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A Fleming Great Adventure

The phone rang. It was Bill Ebsary calling to ask if I was available to assist him in bringing his new Fleming 55 back to Pittwater, Sydney, from the Sanctuary Cove Boat Show in Queensland. Bill and I have been friends for more than 50 years and over that time have shared many thousands of miles racing yachts both with and against each other as well as enjoying one another’s company just cruising. I prevaricated for about a nano second before accepting his invitation. I had been on board Bill’s Fleming “Le Billet” just after he took delivery in Sydney a couple of months before and had been very impressed by the overall appearance of the vessel, the build quality and the practical layout. Over my 40 years professional experience as a coastal engineer and researcher I had clocked up many tens of thousands of miles rolling around at sea on research vessels ranging from a few metres long to over 40 m, in all sorts of weather, and so was keen to see how Bill’s new acquisition handled at sea.

At Sanctuary Cove I was impressed with courtesy extended to me by Egil, Duncan and the rest of the Fleming crew including Sam, who accompanied us onboard on the trip back, and with the after sales service and follow up they provided to Bill. Then came the real test: how would she handle at sea? Having re-supplied we exited the Show’s marina early in the afternoon on the day after the show. There were still a large number of vessels in the marina so there was very little room to maneuver. I was pleasantly surprised at how, with judicious use of the twin engine controls and the bow thruster, she was easily turned in her own length and then safely “extracted” through a very narrow opening. The additional maneuvering station at the rear of the flybridge was a real benefit in making the whole process manageable without unnecessary “excitement”. Out in the labyrinth of the Gold Coast waterway we steamed along happily at 6 kts winding our way between the array of potentially confusing port and starboard markers and the other waterway users, some of whom had a somewhat “challenging” concept of the rules of navigation. The excellent visibility afforded by the main flybridge steering station and the clear instrumentation significantly contributed to our confidence in handling the Fleming under these circumstances.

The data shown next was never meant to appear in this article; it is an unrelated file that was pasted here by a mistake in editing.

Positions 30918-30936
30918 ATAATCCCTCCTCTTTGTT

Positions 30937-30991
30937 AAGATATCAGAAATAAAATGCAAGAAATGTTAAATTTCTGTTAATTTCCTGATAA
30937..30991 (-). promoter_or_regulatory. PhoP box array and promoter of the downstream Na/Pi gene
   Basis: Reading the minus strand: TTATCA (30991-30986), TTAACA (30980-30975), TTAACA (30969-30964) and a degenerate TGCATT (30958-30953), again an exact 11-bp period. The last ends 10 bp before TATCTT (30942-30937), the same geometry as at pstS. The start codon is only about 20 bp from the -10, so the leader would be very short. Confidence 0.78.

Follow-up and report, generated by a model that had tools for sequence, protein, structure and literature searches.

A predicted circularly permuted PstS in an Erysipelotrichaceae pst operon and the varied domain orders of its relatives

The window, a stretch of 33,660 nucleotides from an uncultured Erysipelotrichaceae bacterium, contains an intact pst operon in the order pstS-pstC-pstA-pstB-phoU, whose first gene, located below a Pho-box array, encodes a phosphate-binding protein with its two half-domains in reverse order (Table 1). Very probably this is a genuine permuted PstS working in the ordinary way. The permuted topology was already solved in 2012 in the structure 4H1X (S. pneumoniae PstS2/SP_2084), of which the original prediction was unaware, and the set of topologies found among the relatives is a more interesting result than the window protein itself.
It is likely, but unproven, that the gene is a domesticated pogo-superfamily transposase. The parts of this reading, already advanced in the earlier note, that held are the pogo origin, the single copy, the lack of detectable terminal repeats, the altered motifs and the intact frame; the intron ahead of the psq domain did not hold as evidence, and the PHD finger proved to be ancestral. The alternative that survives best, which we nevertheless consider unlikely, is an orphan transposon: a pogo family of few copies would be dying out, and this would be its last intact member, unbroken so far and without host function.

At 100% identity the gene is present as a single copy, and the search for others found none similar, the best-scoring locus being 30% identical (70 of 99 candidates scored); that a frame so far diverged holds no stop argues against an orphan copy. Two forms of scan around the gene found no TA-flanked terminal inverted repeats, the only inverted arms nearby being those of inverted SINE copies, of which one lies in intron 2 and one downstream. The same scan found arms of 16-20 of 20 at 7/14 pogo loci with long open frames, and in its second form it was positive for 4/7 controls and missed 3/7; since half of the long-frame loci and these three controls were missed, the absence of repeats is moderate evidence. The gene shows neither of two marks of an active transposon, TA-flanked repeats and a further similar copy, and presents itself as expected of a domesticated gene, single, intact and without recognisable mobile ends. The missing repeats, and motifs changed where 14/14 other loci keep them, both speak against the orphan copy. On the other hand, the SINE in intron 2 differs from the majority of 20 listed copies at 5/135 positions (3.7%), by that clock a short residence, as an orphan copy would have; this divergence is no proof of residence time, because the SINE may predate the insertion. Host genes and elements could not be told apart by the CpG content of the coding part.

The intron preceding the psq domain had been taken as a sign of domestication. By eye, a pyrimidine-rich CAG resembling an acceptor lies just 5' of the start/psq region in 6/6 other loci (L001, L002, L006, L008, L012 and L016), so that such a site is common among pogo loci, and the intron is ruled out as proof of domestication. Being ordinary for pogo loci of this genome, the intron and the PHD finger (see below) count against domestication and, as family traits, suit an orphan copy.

Preparing for sea we battened down the hatches and turned her head out into the Seaway channel between the breakwaters. Conditions were relatively mild but we turned on the stabilizers and crossed the bar easily. Out in the open sea we set a course for a waypoint 15 miles off Danger Reefs as we wanted to get out into the East Australian Current which was running south and would add 1.5 to 2 Kts to our boat speed…for free! Glancing back we noticed a rather ominous cloud starting to form over the ranges behind the Gold Coast. All was going well; nice weather, little wind, small underlying swell, Le Billet on automatic pilot, so we had lunch. Then it happened! The heavens opened up, the wind roared, the sea kicked up; the storm that had been brewing had caught us up. But, we just sat there continuing to chat and having lunch with the Fleming comfortably handling conditions; the stabilizers were worth their weight in gold and the hull form meant the auto pilot had no trouble holding course.

Well offshore in the current we altered course to starboard to head south. Cruising along at a boat speed of 10 kts and with the GPS telling us that were actually achieving 12kts across the ground due to the current assist, the twin Cummins 500s were quietly ticking over at a synchronized 1460 rpm, only consuming a total of 35 litres per hour; surprisingly economical for a vessel of this size. By now a westerly of 15 to 20 kts had developed a nasty cross-sea on top of the developing southeasterly swell yet the Fleming was behaving as if it was in calm water. We were able to comfortably read, chat, and deal with our emails before cooking, and consuming, a hearty three course dinner.